• The Cow in the Elevator: An Anthropology of Wonder

    Author(s):
    Pages: 296
    Illustrations: 29 illustrations
    Sales/Territorial Rights: World
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  • A Note on Translation  xi
    Acknowledgments  xiii
    O Wonderful!  xix
    Introduction. Wonder, Creativity, and Ethical Life in Bangalore  1
    Cranes in the Sky  1
    Wondering about Wonder  6
    Modern Fractures  9
    Of Bangalore's Boomtown Bourgeoisie  13
    My Guides into Wonder  16
    Going Forward  31
    1. Adventures in Modern Dwelling  34
    A Cow in an Elevator  34
    Grounded Wonder  37
    And Ungrounded Wonder  39
    Back to Earth  41
    Memorialized Cartography  43
    "Dead-Endu" Ganesha  45
    Earthen Prayers and Black Money  48
    Moving Marble  51
    Building Wonder  56
    Interlude: Into the Abyss  58
    2. Passionate Journeys: From Aesthetics to Ethics  60
    The Wandering Gods  60
    Waiting . . .  65
    Moral Mobility  69
    Gliding Swans and Bucking Horses  70
    The Pain of Cleaving  74
    And the Angry God  80
    Full Tension!  84
    Adjustments  86
    Life and . . .  91
    Ethical Wonders  92
    Interlude. Up in the Skyye  95
    3. In God We Trust: Economies of Wonder and Philosophies of Debt  99
    A Treasure Trove  99
    Twinkling Excess  107
    The Golden Calf  111
    A Promise of Plenitude  114
    "Mintingu" and "Minchingu"  119
    "Cash-a-carda?" Philosophies of Debt  128
    Soiled Money and the Makings of Distrust  131
    The Limits of Wonder  133
    4. Technologies of Wonder  138
    Animatronic Devi  138
    Deus Ex Machina  140
    The New in Bangalore  142
    The Mythical Garuda-Helicopter  143
    Drums of Contention  152
    Capturing Divine Biometrics  157
    Archiving the Divine  159
    Technologies of Capture  162
    FaceTiming God  164
    Wonder of Wonders  169
    5. Timeless Imperatives, Obsolescence, and Salvage  172
    "Times have Changed"  172
    The Untimeliness of Modernity  175
    Avelle and Ritu  178
    Slipping Away  181
    When Wonder Falls  183
    Time Lords  187
    Dripping Time  188
    The Future, The Past, and the Immortal Present  204
    Conclusion. A Place for Radical Hope  206
    Radical Hope  206
    Amazement in Turmeric  210
    The Need for Wonder  213
    Afterword. The Tenacity of Hope  216
    Notes  219
    References  247
    Index  265
     
  • "This pathbreaking book is about the politics of wonder in the ritual life of a Hindu neighborhood in a major Indian city. The book itself is a wondrously written treatment of the saturation of neoliberal lives by a radical cosmology of performance, affect, and technicity, through which ritual life transfigures the pains and puzzles of modernity. It should be read by all students of ritual, affect, and emergent practices of globalization." — Arjun Appadurai, author of, Fear of Small Numbers: An Essay on the Geography of Anger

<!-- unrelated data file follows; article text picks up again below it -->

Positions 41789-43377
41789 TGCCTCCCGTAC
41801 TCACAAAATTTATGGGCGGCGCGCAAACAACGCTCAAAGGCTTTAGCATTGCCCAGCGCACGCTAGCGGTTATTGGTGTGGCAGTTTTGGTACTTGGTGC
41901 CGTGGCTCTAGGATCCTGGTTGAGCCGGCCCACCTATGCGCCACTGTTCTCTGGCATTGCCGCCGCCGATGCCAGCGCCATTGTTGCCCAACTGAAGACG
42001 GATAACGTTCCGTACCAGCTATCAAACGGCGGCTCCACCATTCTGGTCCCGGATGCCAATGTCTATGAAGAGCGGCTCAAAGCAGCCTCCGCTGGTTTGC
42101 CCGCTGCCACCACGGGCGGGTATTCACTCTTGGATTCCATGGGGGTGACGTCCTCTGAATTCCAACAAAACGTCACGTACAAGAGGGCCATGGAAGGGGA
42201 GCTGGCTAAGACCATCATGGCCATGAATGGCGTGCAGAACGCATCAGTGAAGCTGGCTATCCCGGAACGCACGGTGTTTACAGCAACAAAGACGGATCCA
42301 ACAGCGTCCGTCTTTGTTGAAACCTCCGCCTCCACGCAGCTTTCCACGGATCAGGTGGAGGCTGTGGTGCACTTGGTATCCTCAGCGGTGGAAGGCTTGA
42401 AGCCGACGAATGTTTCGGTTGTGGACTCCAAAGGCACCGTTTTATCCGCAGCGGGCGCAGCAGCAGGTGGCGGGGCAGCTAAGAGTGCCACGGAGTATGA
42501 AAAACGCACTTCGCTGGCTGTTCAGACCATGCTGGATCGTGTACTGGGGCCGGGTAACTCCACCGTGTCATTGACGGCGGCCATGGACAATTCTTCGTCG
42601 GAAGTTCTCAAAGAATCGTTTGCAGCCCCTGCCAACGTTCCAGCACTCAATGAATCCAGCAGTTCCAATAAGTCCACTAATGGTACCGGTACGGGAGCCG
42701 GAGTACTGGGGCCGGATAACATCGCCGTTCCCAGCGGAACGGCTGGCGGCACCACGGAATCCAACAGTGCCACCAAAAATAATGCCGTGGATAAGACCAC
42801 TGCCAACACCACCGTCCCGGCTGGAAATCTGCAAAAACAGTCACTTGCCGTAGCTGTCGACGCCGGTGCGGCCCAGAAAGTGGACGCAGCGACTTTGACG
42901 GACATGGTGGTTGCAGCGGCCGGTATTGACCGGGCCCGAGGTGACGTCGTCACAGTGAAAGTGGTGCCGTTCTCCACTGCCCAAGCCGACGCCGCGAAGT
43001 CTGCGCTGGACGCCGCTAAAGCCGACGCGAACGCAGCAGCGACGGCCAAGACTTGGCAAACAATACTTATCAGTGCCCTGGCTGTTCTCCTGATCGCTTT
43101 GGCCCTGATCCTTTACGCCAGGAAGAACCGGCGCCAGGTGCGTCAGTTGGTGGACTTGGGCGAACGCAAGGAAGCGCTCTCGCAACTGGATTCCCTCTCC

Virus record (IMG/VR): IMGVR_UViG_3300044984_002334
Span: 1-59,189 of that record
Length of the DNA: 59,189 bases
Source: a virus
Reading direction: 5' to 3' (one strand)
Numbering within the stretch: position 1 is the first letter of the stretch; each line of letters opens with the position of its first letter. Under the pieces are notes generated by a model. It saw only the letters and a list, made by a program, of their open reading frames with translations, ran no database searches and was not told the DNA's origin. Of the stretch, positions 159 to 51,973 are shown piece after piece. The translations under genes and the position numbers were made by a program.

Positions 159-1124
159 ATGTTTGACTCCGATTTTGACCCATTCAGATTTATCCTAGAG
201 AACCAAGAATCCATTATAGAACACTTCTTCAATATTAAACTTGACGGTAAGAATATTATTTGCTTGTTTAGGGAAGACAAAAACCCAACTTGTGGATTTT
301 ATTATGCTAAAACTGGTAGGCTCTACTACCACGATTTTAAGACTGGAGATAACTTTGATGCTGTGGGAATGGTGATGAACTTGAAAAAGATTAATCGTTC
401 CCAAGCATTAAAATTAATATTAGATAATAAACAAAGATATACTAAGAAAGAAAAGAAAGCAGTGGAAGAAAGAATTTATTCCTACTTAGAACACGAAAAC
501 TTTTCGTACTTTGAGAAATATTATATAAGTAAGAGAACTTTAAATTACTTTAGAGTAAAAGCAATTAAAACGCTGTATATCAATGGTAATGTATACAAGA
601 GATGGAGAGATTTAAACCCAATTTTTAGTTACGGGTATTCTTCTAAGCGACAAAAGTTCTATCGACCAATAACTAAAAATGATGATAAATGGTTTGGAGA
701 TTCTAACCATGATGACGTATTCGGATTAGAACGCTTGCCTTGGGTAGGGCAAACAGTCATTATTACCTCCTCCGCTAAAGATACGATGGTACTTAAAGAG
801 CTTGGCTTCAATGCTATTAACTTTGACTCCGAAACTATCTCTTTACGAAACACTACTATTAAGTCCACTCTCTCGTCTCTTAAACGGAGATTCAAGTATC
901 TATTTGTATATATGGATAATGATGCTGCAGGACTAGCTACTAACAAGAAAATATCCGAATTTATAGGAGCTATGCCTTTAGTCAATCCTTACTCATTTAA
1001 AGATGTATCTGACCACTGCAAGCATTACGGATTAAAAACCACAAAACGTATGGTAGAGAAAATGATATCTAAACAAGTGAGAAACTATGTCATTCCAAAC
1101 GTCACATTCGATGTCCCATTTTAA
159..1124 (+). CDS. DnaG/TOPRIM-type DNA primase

“Brilliant and erudite, The Cow in the Elevator emerges from Tulasi Srinivas's long-term commitment to making sense of religious life in urbanizing, high-tech India. With ethnographic verve and a keen ear for diverse voices, Srinivas tells lively stories of the Hindu priests and devotees who improvise on existing ritual forms in contemporary Bengaluru. Theorizing the human need for wonder and exploring how ritual may generate wonder in changing circumstances, The Cow in the Elevator is a wondrous book.” — Kirin Narayan, author of, Everyday Creativity: Singing Goddesses in the Himalayan Foothills

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  • Description

    In The Cow in the Elevator Tulasi Srinivas explores a wonderful world where deities jump fences and priests ride in helicopters to present a joyful, imaginative, yet critical reading of modern religious life. Drawing on nearly two decades of fieldwork with priests, residents, and devotees, and her own experience of living in the high-tech city of Bangalore, Srinivas finds moments where ritual enmeshes with global modernity to create wonder—a feeling of amazement at being overcome by the unexpected and sublime. Offering a nuanced account of how the ruptures of modernity can be made normal, enrapturing, and even comical in a city swept up in globalization's tumult, Srinivas brings the visceral richness of wonder—apparent in creative ritual in and around Hindu temples—into the anthropological gaze. Broaching provocative philosophical themes like desire, complicity, loss, time, money, technology, and the imagination, Srinivas pursues an interrogation of wonder and the adventure of writing true to its experience. The Cow in the Elevator rethinks the study of ritual while reshaping our appreciation of wonder's transformative potential for scholarship and for life.

    About The Author(s)

    Tulasi Srinivas is Associate Professor of Anthropology at the Institute for Interdisciplinary Studies at Emerson College, author of Winged Faith: Rethinking Globalization and Religious Pluralism through the Sathya Sai Movement, and coeditor of Curried Cultures: Globalization, Food, and South Asia.
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